Voters to decide fire district, street improvement issues
Residents who live within the boundaries served by the Jenkins Volunteer Fire Department will have the opportunity to vote on the formation of a tax-based fire protection district on April 8.
"The tax district is essential in maintaining a strong locally governed fire department," said James Vincent, fire department board president.
The tax-based fire protection district will be funded by a 30-cent property tax, which means residents of the Mineral Springs, Jenkins, Cato, southern Wheelerville and surrounding area will be charged 30 cents per $100 of assessed property value.
If the proposed fire protection district issue passes, the tax support will spread district operating costs, which are around $31,000 per year, among all residents served by the Jenkins Fire Department.
The tax district will also eliminate the current membership system, which requires residents to pay $35 per year for fire protection services.
Around 400 residents maintain membership with the fire department. Through those membership dues, the department collects around $14,000 per year.
The remaining $17,000 required to operate the fire department is raised through several annual events, such as the fire department's fish fry and chili supper. The department also receives several community grants from Wal-Mart each year, said Vincent.
If the proposed fire district issue passes, the department will collect around $35,000 in taxes each year. The funds will cover operating expenses and help the department train firefighters and maintain equipment, said Vincent.
"More than anything the money will cover overall expenses," said Vincent. "Costs are up so much and our training requirements continue to go up. There is a lot of training that firefighters are required to have and that training costs money."
The department maintains four tankers, four brush trucks and two fire engines. Fuel and insurance costs on the department's vehicles, which increase annually, will also be covered by the fire district tax if it is approved, said Vincent.
"There is always equipment that we need," said Vincent. "We need more protective gear for our guys. Firefighter protection is a number one concern."
The department is served by around 37 volunteer firefighters who work out of two fire stations, which are located near the junctions of Highways 248 and 39 and Farm Road 1157 and Highway 248.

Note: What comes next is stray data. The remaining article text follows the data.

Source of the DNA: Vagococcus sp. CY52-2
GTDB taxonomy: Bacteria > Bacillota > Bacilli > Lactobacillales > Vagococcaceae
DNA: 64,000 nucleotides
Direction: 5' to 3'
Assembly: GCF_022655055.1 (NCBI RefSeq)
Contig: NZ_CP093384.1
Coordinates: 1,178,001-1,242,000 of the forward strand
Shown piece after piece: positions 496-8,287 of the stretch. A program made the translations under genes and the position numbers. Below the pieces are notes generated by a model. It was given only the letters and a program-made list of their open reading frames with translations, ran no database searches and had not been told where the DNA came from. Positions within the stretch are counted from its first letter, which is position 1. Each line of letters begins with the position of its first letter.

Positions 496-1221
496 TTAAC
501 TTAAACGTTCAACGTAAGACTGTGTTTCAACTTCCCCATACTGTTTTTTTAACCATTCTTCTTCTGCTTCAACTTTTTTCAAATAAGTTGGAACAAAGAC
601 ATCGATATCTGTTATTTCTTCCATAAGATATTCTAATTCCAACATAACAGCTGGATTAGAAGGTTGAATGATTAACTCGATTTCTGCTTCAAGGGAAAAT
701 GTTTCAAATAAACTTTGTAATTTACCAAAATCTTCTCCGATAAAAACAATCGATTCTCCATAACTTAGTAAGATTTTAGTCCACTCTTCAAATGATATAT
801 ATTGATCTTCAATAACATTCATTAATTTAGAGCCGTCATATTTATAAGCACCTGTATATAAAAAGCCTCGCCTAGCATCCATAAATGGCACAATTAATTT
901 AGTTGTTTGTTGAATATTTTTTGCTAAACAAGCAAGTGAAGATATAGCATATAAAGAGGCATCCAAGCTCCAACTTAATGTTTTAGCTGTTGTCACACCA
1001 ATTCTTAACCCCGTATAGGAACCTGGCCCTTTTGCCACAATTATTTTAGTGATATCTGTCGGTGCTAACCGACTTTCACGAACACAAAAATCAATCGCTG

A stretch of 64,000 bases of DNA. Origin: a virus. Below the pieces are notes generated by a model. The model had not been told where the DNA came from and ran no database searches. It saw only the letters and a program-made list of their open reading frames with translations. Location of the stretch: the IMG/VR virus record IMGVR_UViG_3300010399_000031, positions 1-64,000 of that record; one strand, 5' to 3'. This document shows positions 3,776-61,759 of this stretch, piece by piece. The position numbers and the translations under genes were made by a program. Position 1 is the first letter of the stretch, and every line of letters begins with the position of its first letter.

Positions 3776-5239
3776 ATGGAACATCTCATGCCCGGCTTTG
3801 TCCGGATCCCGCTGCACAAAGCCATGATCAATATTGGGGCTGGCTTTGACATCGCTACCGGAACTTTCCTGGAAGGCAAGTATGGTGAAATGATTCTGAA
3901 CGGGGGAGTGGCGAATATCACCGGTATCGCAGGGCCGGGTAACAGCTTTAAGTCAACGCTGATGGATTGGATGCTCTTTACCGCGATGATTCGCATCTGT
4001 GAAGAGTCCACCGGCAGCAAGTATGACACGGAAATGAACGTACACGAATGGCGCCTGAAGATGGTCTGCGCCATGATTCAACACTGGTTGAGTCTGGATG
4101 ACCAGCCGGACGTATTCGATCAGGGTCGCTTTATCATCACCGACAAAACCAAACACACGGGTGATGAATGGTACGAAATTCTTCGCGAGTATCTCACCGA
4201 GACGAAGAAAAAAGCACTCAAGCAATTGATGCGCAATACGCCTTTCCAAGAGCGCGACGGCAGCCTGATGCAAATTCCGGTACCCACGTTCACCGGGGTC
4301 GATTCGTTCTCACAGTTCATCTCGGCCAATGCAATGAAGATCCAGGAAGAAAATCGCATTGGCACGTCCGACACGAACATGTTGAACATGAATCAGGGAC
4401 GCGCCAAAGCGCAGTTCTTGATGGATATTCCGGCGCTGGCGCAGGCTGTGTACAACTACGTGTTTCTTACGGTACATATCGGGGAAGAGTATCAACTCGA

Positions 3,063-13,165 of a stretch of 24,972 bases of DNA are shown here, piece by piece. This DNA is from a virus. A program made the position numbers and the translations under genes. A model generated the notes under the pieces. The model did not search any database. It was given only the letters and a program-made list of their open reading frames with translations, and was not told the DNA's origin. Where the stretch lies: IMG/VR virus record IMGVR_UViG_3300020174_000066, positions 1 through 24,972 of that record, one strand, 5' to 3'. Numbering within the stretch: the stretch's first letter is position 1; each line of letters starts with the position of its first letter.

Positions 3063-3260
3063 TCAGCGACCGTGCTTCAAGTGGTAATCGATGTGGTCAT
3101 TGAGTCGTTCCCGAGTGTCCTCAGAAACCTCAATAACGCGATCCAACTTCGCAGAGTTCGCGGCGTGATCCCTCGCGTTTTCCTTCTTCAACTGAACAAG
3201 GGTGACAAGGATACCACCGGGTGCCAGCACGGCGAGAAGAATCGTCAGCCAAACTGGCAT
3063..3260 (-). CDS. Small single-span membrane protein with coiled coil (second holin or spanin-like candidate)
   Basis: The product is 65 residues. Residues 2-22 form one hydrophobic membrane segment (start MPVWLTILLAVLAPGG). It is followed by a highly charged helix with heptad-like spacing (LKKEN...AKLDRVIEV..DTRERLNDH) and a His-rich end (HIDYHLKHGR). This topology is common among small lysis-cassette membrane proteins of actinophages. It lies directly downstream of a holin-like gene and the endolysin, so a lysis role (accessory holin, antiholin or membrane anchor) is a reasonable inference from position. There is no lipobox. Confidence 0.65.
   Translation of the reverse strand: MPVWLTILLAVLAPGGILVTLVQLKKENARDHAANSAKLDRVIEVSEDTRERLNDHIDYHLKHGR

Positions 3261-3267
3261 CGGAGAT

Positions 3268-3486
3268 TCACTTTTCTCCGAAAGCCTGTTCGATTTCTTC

To promote the Jenkins Fire Protection District issue, the department has hosted two town hall meetings. Barry County Assessor June Smith attended one meeting to give residents information on estimated annual tax costs.
To calculate the tax issues' approximate annual cost, residents can multiply the value of their home by 19 percent to receive the assessment value. That amount should then be multiplied by .30 to calculate the amount of tax the homeowner will pay to support the tax district.
For instance, a $100,000 home has an assessed value of $19,000. That homeowner will pay $57 per year to support the proposed fire district. A resident with a $50,000 home will pay around $28.50 per year.
According to Smith, individuals who own land in the Jenkins area can expect to pay between $2.70 and $5.40 per 100 acres of land if the tax district issue is approved.
Smith also presented information on tax amounts that Jenkins residents could pay on their personal property, which can be calculated by multiplying the assessed value of the property by .30. A resident who owns a newer four-wheel drive truck can expect to pay around $19 per year to support the tax district.
The proposed Jenkins Fire Protection District will be governed by a five-member board of trustees. Stephen Araujo, Leon Barnes, Rod Riley, Steve Blankenship, Jack Lowe and Vincent have announced their candidacies for the first five seats on the board.
For more information on the proposed fire protection district issue, call Vincent at 417-723-8385.
Voters living within the Butterfield city limits will be voting on a $200,000 general obligation bond issue, which could provide funding for street maintenance and repairs.
"This is not a revenue bond," said Georgia Wenell, city clerk. "It is a general bond issue that will be financed through gas and vehicle taxes that we already receive from the state."
The increased revenues from the bond issue will be used to repair and extend city streets, said Wenell. The Butterfield City Council hopes to develop an improvement plan for street maintenance projects.
"When the sewer was installed in 2003, the bond and grant funds were supposed to be sufficient to cover the repair of the roads," said Wenell. "When additional expenses came up, the funds for the road repairs were used. The streets were never repaired from the installation."
Additional damage has been done to city streets by heavy rain and extreme temperatures, said Wenell.
The Butterfield City Council has been researching state grant programs that could provide matching funds for the street improvement plan.
If the proposed bond issue passes, the aldermen plan to only issue fund amounts that can be repaid by the city's state fuel tax revenue, which is around $14,000 each year.
"We are not increasing taxes, and we are not increasing utility rates to finance the bond issue," said Wenell.
For more information on Butterfield's general obligation bond issue, call the Butterfield City Hall at 417-442-7975.